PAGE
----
Daniel Graff-Radford: That makes a lot of sense to hate that it happened for her. But just to understand that. So your MSP sold a bundle of solutions to this law firm. It included the CryptoStopper. The woman at the law firm opened a PDF, as we all do every day, and it began a ransomware attack, CryptoStopper stopped that attack and stopping it. Then it limits the damage to what it gets in that less than a second, but then the overall network stays healthy. Is that right?
Greg Edwards: Exactly? I think in that instance, there were 6 files that had to be restored. So as opposed to because it would have continued. Right. I mean, it was attacking the network and that’s where the accounting person that opened it didn’t see anything happening because it just went straight after the network shares and started encrypting files. Had CryptoStopper, not been there, would have encrypted network you all of the network shares before anyone knew what was going on. Where someone goes to open a file and they can’t open it and they’re in mid-attack. But, you know, usually, it’s way too late by someone by the time someone realizes it’s running.
Daniel Graff-Radford: I think this is a great example. Great story. I really appreciate you taking the time to educate our listeners on your solution and why your channel first and how you work with the channel. I think we all learned a lot, but I’ve got final four questions for you. Here they go. If you had one superpower, what would it be and why would you choose that one?
Greg Edwards: Oh, wow. I think flight would be that superpower
Daniel Graff-Radford: That makes sense. And can you give us an example of a mistake and a success that you have had in the channel?
Greg Edwards: Sure. I think the simplest mistake is not going to the channel first. Once we did decide to go all-in on the channel, not engaging with the channel enough. And so then the success side of that was once we started really engaging, working with folks like you and going to channel-specific events, that’s when we really started to take off just in 2021.
Daniel Graff-Radford: Yeah. Partner engagement takes work, but yeah, that makes a lot of sense. And, you know, for people that aspire to one day be a leader like yourself of a company and a channel program, is there a book it can be a business book or any other book that you’d recommend to someone you know?
Greg Edwards: So it’s not a channel-specific book, but and this is an old one. It’s called the e-myth. The author is escaping me. But great, great book on why we as entrepreneurs go and start a company for the love of what we do. And then it turns into hatred for that. So how to how to organize your business and how to run your business so that love you know, for me it’s a love of technology that you don’t turn out hating that love and passion. Keep that passion alive.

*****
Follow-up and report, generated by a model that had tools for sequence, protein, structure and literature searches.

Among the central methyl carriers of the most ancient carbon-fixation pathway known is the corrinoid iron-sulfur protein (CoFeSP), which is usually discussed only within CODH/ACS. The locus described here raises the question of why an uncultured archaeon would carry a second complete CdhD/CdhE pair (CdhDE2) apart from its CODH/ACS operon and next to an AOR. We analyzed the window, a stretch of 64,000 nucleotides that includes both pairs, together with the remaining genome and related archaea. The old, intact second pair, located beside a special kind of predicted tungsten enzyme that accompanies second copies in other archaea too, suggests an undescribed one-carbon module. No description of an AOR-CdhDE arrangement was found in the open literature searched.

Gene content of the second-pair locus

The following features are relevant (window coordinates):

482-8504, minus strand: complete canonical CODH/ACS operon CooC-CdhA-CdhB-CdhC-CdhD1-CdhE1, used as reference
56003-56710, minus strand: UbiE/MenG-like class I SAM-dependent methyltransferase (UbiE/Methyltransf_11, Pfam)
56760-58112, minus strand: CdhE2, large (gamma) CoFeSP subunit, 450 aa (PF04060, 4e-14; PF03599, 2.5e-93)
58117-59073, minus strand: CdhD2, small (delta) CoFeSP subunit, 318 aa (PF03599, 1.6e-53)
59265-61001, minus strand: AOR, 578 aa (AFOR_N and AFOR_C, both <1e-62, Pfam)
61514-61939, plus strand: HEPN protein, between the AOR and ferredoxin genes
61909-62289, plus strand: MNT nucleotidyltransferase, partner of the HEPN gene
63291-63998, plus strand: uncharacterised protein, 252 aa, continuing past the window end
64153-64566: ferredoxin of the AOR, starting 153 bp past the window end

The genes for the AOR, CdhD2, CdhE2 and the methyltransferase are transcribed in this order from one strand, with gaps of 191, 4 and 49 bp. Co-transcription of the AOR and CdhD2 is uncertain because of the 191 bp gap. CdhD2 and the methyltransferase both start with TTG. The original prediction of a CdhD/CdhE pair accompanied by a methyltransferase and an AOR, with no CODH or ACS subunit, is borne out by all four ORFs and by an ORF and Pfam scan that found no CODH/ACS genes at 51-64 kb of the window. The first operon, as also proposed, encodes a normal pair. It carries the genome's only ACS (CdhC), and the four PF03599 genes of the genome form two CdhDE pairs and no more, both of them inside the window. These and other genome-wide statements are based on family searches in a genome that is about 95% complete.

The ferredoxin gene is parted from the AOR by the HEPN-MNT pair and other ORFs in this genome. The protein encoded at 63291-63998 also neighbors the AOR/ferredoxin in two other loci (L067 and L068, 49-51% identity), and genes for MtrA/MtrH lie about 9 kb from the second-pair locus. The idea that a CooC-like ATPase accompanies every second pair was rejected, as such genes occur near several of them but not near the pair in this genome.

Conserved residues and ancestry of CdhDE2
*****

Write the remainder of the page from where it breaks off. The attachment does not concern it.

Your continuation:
Daniel Graff-Radford: Ok, that’s a good one. Haven’t had that one recommended yet.
Greg Edwards: It’s old it’s probably 20. I, I read it at least 20 years ago, so I bet it’s 30 or 40 years old.
Daniel Graff-Radford: All right. Now let’s try to predict the future five years from now. What will be the major changes in the channel that are happening right now that will affect us in the future five years?
Greg Edwards: Yeah, so the consolidation, that’s the big thing that’s, you know, has been going on for a while now. But I think we’re coming into a time now within the channel where the larger companies are buying up small companies like CyptoStopper. And I think that’s just going to continue to accelerate. And the good part of that is that we don’t have it now. But I see five to 10 years from now that we’ll have some really good products. That are, I don’t want to say silver bullet, but, you know, are that where you can go to one marketplace and buy a product that can be your entire stack from your arm to your security tools and have it all in that one pane of glass that we’ve talked about forever, I think actually maybe coming in the little over five years.
Daniel Graff-Radford: I think that’s a pretty bold prediction. Greg, I feel like security technology is one of those things. That’s an arms race. You know, you guys come out with CryptoStopper, someone comes out with some way to, you know, identify honeypots or, you know, like there’s you could be really interesting how this arms race continues. But I love this idea of a marketplace having trusted people in the MSPs that you can go to for these broad things. I think what you’re predicting makes a lot of sense. So to wrap things up, I just want to thank our guests, Greg Edwards from CryptoStopper. And as always, I want to thank our listeners for joining us here in the Partner Channel Podcast. If you like what you heard, subscribe to our podcast episodes wherever you listen to podcasts.